Bonuses led to "lethal" banking risks

Bankers' bonuses led to "lethal" risk-taking and their pay structure must be reformed and rigorously regulated, politicians said today.

The MPs also slammed the Treasury for allowing former Royal Bank of Scotland Chief Executive Fred Goodwin to leave on a lucrative pension and said he should have been fired rather than rewarded.



In its latest report into the banking crisis that plunged Britain and the world into the deepest recession since World War Two, a cross-party committee of politicians called for bonuses to be linked to long-term performance and shareholder value.



"Sir Fred Goodwin's pension has become notorious, a highly visible emblem of bankers damaging the economy without themselves being financially penalised," the committee said in its report on reforming corporate governance and pay in the financial sector.



The Committee swung the spotlight back onto Goodwin, the former RBS head who outraged the country by pocketing hundreds of thousands of pounds after leading the bank to Britain's biggest corporate loss.



As RBS was bailed out by the taxpayer, Goodwin walked away with an annual pension of over 700,000 pounds. RBS has said Goodwin's pension would have been worth 416,000 pounds had he been fired instead of agreeing to leave early.



The politicians criticised Treasury minister Paul Myners, who was involved in talks with RBS, for letting the RBS board negotiate that exit for Goodwin, blaming in part Myners' "City background and naiveté" about public perception.



The Treasury should have insisted on the dismissal of Goodwin as a condition of providing bailout money to the bank, the committee said.



The report also proposed greater transparency on pay structures and remuneration of staff below board level and a code of ethics for external remuneration consultants in the banking sector.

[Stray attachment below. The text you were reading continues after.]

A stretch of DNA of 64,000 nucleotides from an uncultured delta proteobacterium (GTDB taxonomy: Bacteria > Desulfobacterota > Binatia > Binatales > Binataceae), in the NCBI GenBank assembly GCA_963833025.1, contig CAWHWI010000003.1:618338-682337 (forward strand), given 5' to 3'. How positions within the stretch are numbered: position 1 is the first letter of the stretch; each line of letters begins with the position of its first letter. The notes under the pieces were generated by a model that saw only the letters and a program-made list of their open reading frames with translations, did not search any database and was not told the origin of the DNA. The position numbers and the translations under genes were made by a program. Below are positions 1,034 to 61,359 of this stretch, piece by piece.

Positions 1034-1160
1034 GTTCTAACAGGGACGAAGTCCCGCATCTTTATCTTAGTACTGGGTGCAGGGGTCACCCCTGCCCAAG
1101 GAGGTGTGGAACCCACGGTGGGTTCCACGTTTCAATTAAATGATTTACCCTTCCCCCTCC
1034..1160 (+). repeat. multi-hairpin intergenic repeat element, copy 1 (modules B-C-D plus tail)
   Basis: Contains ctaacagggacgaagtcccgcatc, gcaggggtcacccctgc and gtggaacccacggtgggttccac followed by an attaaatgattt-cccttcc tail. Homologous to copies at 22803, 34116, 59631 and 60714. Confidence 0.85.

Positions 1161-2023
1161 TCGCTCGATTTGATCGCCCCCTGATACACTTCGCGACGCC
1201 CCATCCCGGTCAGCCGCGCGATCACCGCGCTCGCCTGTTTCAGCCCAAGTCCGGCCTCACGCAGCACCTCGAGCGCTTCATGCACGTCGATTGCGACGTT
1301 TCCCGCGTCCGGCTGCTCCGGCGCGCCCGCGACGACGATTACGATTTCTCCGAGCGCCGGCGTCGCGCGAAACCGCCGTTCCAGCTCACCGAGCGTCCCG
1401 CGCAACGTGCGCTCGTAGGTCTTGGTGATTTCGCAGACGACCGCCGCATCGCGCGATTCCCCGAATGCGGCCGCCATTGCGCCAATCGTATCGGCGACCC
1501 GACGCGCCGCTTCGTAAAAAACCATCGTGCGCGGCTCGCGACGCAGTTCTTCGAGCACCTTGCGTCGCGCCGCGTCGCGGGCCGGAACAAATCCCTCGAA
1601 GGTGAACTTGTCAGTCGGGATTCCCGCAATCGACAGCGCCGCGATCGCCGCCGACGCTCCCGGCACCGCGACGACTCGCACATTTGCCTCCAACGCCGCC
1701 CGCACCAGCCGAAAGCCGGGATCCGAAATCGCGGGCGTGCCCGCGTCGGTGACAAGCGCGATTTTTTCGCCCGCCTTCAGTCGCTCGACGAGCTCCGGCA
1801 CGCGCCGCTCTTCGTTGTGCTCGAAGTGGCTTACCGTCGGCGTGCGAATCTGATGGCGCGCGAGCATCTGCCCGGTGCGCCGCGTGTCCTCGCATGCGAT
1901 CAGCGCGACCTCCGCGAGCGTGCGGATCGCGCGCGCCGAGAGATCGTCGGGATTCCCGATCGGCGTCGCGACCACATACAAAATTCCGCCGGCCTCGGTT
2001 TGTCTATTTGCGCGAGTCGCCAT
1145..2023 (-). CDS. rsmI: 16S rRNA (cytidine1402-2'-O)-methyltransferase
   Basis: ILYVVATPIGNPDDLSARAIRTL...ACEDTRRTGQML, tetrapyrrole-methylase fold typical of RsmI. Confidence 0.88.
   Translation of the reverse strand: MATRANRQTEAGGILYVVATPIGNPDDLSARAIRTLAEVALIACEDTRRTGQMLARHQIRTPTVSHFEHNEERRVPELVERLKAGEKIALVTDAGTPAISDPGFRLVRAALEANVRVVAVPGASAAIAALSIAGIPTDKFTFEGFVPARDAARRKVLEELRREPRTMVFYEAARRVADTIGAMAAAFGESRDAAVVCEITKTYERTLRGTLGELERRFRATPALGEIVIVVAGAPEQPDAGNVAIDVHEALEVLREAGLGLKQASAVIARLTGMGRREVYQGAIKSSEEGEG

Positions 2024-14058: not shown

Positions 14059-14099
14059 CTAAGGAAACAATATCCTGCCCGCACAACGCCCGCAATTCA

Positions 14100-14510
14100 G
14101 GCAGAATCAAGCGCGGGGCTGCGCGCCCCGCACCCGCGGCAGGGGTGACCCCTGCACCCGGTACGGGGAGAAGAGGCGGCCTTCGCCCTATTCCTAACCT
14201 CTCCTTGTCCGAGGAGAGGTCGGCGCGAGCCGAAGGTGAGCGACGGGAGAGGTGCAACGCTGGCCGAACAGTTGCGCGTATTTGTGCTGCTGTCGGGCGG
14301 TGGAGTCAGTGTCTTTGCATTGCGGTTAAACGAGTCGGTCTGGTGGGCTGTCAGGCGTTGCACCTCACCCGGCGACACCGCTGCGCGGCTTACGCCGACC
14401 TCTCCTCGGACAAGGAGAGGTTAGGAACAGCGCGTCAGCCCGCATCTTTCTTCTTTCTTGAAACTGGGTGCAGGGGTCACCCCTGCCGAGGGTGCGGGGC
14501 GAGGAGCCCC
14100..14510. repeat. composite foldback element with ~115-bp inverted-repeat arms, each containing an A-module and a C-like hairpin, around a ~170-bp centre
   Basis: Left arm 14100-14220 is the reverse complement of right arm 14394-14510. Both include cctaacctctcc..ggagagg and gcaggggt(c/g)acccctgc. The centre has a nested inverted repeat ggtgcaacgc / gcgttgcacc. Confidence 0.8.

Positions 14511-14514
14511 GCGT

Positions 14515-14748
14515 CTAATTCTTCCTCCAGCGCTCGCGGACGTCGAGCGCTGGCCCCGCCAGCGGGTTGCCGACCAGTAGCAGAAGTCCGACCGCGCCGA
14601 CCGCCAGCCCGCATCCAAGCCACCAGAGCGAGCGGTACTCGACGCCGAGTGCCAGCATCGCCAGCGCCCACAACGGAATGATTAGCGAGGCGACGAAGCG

"Self-regulation or a light-touch approach to regulating remuneration in the banking sector is unacceptable," it said.



The Financial Services Authority (FSA) watchdog has said it intends to require banks whose pay structures do not comply with its code of practice to hold greater capital reserves to cushion shareholders against risk.



The politicians encouraged the FSA to show its teeth, calling for "a greater willingness" to penalise any such banks.



They also agreed that Lloyds Banking Group, which like peer RBS is now part-nationalised after a government bailout, should continue to pay executive bonuses to recruit and retain talented staff -- or risk poor returns for taxpayers.



"There must be radical change in both the culture and regulation of the banking system. Never again should greed be allowed to bring down economies," said Vince Cable, the shadow chancellor of the Liberal Democrats.



The report was published amid public outcry over politicians' expense claims, picked up by the taxpayer, which have included cleaning moats and pools and repairing tennis courts.



The Treasury should have insisted on the dismissal of Goodwin as a condition of providing bailout money to the bank, the committee said.



The report also proposed greater transparency on pay structures and remuneration of staff below board level and a code of ethics for external remuneration consultants in the banking sector.



"Self-regulation or a light-touch approach to regulating remuneration in the banking sector is unacceptable," it said.



The Financial Services Authority (FSA) watchdog has said it intends to require banks whose pay structures do not comply with its code of practice to hold greater capital reserves to cushion shareholders against risk.



The politicians encouraged the FSA to show its teeth, calling for "a greater willingness" to penalise any such banks.



They also agreed that Lloyds Banking Group, which like peer RBS is now part-nationalised after a government bailout, should continue to pay executive bonuses to recruit and retain talented staff -- or risk poor returns for taxpayers.



"There must be radical change in both the culture and regulation of the banking system. Never again should greed be allowed to bring down economies," said Vince Cable, the shadow chancellor of the Liberal Democrats.



The report was published amid public outcry over politicians' expense claims, picked up by the taxpayer, which have included cleaning moats and pools and repairing tennis courts.



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